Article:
Posted on | January 19, 2015 | No CommentsBreathing. We do it all the time but we seldom think about it much. So here’s a short exercise for you to consider. Lie down, relax, breathe. Who could resist that, eh? Now, pay attention. Does your breathing come easily? Do you find yourself gulping air? Do you breathe through your mouth? Try using only your nose. How easily does the air flow into your lungs and out again? If you’re like most people the answer is: not very well. We grunt and gasp and the exchange of air is not easeful over a five minute period. Perhaps you have a slight cold, or a cough. Something holds up your easy breathing. Notice this. Why does this matter? Simply because the way we breathe is the most basic way we interact with our world. Do you allow yourself to accept the air and then breathe out the carbon-dioxide? Or is it a bit of a struggle? Pay attention to the muscles in your jaw and face. Are they tense? I bet they are. If so, remember, you are doing this to yourself all day, every day, 24/7. Worried about wrinkles? You might want to think about those tense muscles. The way you breathe is an indicator of the way you face your entire life. Can you let the energy of the universe flow through you, like a simple inhalation and exhalation? Or is it a fight? And could you make it easier for yourself? Often relaxing will do that for us – yet we don’t do it often enough. The way you breathe will mirror the way you are in the rest of the world. You can claim easeful breathing, and an easeful life, any time you want. But first you have to notice what you’re doing, and if it’s a struggle, you’ll have to listen to your body and consciously learn to breathe easily. It’s not hard if you pay attention. It’s the natural, default position. But somehow, somewhere, most of us have strayed from this. We’re like high speed cars but we’ve left the e-brake on, and we waste energy stifling ourselves. It’s time to pay attention and make a few adjustments. Take a breather. Change your life.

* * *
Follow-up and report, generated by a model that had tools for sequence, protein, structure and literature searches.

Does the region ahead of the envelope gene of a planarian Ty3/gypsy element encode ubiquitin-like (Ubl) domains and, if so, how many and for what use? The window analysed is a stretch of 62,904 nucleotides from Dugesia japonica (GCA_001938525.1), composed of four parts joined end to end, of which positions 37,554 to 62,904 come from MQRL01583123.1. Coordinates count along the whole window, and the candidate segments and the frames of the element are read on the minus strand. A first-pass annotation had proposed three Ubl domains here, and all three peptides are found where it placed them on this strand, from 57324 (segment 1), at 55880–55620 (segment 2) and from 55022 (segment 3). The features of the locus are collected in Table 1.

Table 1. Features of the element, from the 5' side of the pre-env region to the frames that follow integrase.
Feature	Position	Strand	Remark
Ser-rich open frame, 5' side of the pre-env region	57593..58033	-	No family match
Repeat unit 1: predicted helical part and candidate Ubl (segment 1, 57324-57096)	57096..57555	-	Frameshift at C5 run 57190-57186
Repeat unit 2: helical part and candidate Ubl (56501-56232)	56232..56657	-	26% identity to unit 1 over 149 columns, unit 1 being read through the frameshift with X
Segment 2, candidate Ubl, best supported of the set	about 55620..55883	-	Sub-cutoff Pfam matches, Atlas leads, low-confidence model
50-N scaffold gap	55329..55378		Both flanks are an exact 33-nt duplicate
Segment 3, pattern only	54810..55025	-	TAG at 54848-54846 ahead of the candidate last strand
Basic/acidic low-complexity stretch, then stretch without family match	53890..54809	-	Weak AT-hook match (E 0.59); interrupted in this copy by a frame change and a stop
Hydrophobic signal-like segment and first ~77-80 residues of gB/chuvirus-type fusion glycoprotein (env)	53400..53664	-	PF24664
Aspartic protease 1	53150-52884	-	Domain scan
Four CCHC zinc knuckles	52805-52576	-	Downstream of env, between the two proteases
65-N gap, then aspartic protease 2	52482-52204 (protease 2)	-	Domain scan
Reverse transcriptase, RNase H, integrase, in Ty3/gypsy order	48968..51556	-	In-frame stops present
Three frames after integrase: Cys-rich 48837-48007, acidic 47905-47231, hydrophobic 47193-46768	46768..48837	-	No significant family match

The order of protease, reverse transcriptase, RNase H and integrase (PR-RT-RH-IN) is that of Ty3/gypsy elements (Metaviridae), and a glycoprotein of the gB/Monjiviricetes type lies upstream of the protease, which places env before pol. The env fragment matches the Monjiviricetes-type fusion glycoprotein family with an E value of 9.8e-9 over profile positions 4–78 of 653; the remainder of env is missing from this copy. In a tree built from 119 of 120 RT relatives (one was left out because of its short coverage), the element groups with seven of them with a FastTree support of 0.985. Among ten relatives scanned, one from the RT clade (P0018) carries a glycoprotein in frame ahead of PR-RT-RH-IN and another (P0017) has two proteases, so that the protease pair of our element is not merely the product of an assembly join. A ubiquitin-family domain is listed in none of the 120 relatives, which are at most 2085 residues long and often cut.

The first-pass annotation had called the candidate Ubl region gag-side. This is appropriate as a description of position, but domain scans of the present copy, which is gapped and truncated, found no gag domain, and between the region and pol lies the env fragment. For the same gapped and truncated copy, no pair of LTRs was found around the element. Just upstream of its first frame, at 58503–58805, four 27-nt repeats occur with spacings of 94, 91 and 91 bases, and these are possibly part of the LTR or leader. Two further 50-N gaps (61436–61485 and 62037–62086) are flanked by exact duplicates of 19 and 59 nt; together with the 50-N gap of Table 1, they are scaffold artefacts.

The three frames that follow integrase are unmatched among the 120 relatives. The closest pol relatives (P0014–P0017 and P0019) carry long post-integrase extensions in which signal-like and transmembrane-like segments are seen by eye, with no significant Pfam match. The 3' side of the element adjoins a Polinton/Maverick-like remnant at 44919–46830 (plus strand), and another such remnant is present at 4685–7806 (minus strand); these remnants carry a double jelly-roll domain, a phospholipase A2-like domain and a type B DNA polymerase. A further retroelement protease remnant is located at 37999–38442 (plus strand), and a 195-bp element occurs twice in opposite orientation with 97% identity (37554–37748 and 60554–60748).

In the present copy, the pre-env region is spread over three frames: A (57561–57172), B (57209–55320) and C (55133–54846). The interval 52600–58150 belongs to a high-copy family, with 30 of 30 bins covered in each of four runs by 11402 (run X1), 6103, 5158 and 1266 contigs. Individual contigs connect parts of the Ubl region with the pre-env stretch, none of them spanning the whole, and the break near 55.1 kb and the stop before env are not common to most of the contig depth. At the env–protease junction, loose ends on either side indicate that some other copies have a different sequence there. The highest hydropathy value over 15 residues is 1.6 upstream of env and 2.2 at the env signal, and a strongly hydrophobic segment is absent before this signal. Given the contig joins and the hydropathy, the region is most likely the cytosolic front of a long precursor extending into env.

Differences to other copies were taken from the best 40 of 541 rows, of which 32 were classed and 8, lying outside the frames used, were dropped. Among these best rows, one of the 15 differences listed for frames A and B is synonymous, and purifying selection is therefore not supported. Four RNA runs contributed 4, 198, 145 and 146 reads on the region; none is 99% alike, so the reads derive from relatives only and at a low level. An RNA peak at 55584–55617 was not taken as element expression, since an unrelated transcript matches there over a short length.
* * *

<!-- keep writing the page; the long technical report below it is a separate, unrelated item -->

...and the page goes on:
Posted on | January 8, 2015 | No CommentsThe atrocity perpetrated in Paris yesterday was a strange one as well as a tragic one. We have to ask ourselves what kind of religious view we're dealing with when it has to be "protected" by armed murderers. Any deity that requires such support is surely a feeble one. And yet this action is not that different from the sorts of massacres regularly committed by "believers" in the time of the Spanish Inquisition, the Protestant Reformation and .... well, you can fill in that blank with whatever your favorite historical reference might be. It would seem from this that we are dealing with individuals who see their world in a way that we would consider to be outmoded, as coming from another century. And yet we certainly have beliefs systems with us today in the US that claim they know the only true way to heaven and that everyone else is an infidel condemned to Hellfire. Try talking to those lovely people who stand on the doorstep and want to convert you to be a Mormon, next time they drop by, and once you scratch the surface you'll see exactly the same thing. Ditto for Catholics, actually. And for many another belief. The problem is not religious extremism. We've always had it. The problem is that within those webs of compelling beliefs sometimes individuals choose to enforce their views at gunpoint. Since this is the case we need to think differently. Rather than ridiculing another's beliefs (no matter how bizarre we may think them) we may need to think about respecting any and all religions so we can open a dialog about what it means to be in a society where, inevitably, differences of opinion occur. The Jehovah's Witnesses do not come to our doors with guns, and we are better off for it. In contrast to this in the Middle East all those subsets of belief - Shia, Sunni, Al Qaeda, Hamas, ISIS, and so many more, all inevitably linked with political creeds and regional alliances - regularly fight it out and cause only misery. How to remedy this is problematic, yet it can be done, and the first step is respect. In the meantime we must contain those who would do harm, bring them to justice, and try to lead everyone back to peace.